American singer-songwriter Robin Thicke, along with rappers Pharrell Williams and T.I., have together released a subversive parody music video in which they present an absurd alternate reality where women are the subject of male objectification and sexual entitlement.
The song, titled Blurred Lines, is a direct parody of a video made by a group of University of Auckland law students, which controversially depicts men being paraded with no clothes while they are visually demeaned and have vibrators inserted into their mouths.
That video has been criticized for reinforcing negative gender stereotypes and promoting a destructive consent culture in which males find it difficult to have sex and good girls are discouraged from unleashing their inner desire to bend over for men in suits. The video was considered to be so offensive in some circles that it was briefly banned by YouTube after numerous complaints.
But Thicke’s Blurred Lines music video, released today, now stands as a biting satirical retort to the Auckland law students, and forces them to confront a hypothetical world in which gender roles are reversed, and women are an object of sexual gratification.
Thicke’s video features himself, T.I., and Pharrell – all fully clothed – being flanked by numerous attractive, near-naked women who Thicke asserts “want me,” despite their facial expressions and body language at times suggesting otherwise. At various points in the video, the topless women are seen submitting to the three men on all fours, and providing meaningful assistance as a ramp for Pharrell’s toy car.
The video acts a cleverly-engineered mirror image of the original.
Blurred Lines is already winning widespread praise around the internet, with critics applauding Thicke for using his platform to challenge social norms and encourage people to think subversively about dominant cultural attitudes, such as distaste for vaguely misogynistic undertones and a belief that Robin Thicke is a creepy jerk.
Thicke says that while the video may appear “shocking” or “strange” to some, its intentions are only to provoke discussion.
“I think sometimes we have to challenge the status quo, stand up and say ‘well, you know, what if things were reversed?’” he said. “And as I listen to people talk, in the places I go, a lot of people are saying, they’re saying ‘Wow, Robin, don’t you worry that you’re subtly legitimizing soft forms of rape?’ So I just wanted to challenge those commonly held attitudes that maybe people have never really given thought to before.”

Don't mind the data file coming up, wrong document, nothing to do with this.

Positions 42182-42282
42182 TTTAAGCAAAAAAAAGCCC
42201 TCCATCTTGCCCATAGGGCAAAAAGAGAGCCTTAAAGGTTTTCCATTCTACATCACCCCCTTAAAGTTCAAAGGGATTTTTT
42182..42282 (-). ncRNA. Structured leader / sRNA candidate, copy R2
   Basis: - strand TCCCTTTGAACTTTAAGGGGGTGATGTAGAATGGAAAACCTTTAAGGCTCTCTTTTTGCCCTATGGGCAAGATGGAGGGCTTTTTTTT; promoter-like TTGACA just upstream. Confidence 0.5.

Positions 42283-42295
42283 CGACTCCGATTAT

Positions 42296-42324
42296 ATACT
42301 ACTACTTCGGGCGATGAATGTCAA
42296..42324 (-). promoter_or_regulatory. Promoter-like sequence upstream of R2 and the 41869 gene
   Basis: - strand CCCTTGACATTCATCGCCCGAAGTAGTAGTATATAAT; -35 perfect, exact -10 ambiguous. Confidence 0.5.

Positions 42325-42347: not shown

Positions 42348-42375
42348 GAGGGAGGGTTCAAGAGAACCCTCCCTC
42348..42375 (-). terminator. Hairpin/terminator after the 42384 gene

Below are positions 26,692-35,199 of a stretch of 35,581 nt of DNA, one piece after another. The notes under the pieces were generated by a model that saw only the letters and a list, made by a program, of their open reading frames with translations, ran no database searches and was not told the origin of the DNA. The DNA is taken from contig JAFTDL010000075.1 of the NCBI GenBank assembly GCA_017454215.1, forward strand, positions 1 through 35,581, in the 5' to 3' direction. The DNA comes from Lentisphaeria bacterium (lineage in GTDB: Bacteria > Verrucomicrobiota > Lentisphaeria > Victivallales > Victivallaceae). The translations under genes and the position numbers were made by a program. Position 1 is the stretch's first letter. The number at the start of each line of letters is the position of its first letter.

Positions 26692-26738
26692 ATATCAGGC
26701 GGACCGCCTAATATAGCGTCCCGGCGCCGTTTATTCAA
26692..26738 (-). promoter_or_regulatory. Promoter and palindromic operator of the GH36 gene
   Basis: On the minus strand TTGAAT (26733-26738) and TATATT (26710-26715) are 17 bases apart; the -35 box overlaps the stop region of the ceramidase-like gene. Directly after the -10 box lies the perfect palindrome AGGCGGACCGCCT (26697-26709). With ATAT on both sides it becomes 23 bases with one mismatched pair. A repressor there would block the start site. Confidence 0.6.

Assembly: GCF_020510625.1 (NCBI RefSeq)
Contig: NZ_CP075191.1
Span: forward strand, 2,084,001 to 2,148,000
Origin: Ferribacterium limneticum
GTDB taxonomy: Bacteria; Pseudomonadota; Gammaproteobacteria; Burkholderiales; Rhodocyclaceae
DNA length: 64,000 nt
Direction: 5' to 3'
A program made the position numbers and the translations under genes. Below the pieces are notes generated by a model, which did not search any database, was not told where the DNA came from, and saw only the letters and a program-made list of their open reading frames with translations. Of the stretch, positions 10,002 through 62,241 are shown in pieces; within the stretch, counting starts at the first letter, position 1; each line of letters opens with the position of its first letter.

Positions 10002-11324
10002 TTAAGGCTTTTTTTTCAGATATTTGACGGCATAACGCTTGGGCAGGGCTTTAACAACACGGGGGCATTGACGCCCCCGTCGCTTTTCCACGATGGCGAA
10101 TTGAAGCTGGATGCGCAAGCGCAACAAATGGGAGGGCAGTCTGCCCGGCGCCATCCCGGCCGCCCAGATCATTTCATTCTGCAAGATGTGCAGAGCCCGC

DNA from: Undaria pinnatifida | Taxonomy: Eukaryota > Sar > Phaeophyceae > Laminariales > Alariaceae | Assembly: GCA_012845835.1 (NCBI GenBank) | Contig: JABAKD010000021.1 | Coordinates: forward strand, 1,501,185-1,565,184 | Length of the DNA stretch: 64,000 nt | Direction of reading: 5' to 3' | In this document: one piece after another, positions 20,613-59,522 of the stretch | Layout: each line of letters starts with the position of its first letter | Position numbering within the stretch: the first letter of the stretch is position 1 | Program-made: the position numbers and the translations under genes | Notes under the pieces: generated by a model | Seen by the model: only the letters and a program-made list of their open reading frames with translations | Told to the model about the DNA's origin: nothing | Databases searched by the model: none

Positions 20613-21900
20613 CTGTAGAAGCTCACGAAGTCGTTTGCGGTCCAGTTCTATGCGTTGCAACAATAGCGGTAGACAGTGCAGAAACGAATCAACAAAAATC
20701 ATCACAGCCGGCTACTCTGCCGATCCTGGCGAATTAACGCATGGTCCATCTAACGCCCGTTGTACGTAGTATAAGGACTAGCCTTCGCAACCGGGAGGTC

“You know, at what point does subversive objection to the status quo become the status quo itself?” he added. “Kind of interesting, when you think of it that way.
“I think women often get a lot of opportunity to laugh at men or to be all shitty with them for grabbing their ass at the club. To them, you know, behaving like that, it’s just normal, and men just have to put up with that sort of thing, and biologically, you know, that’s just the way of the world.
“But what if we lived in a world where women were considered other from men, or sold as a means of sexual gratification? Or, imagine if we held competitions to determine who was the best kind of woman, and then awarded it to the dumbest, most uncritical women we could find who giggle a lot and know how to best adorn themselves? What then? I think women would think twice about making these sorts of videos if they had that kind of perspective.”
Blurred Lines is already finding its way into academic curricula, with Gender Studies departments across the world adopting Thicke’s video as a brave new take on the viral social media phenomenon created by the Auckland University video.
The release of the song comes a week after a Philadelphia black man was arrested for making a YouTube cover of 2000 Eminem song Kim, in which he explicitly raps about murdering his wife. Police determined that the cover amounted to an aggravated and specific threat against Eminem’s former partner.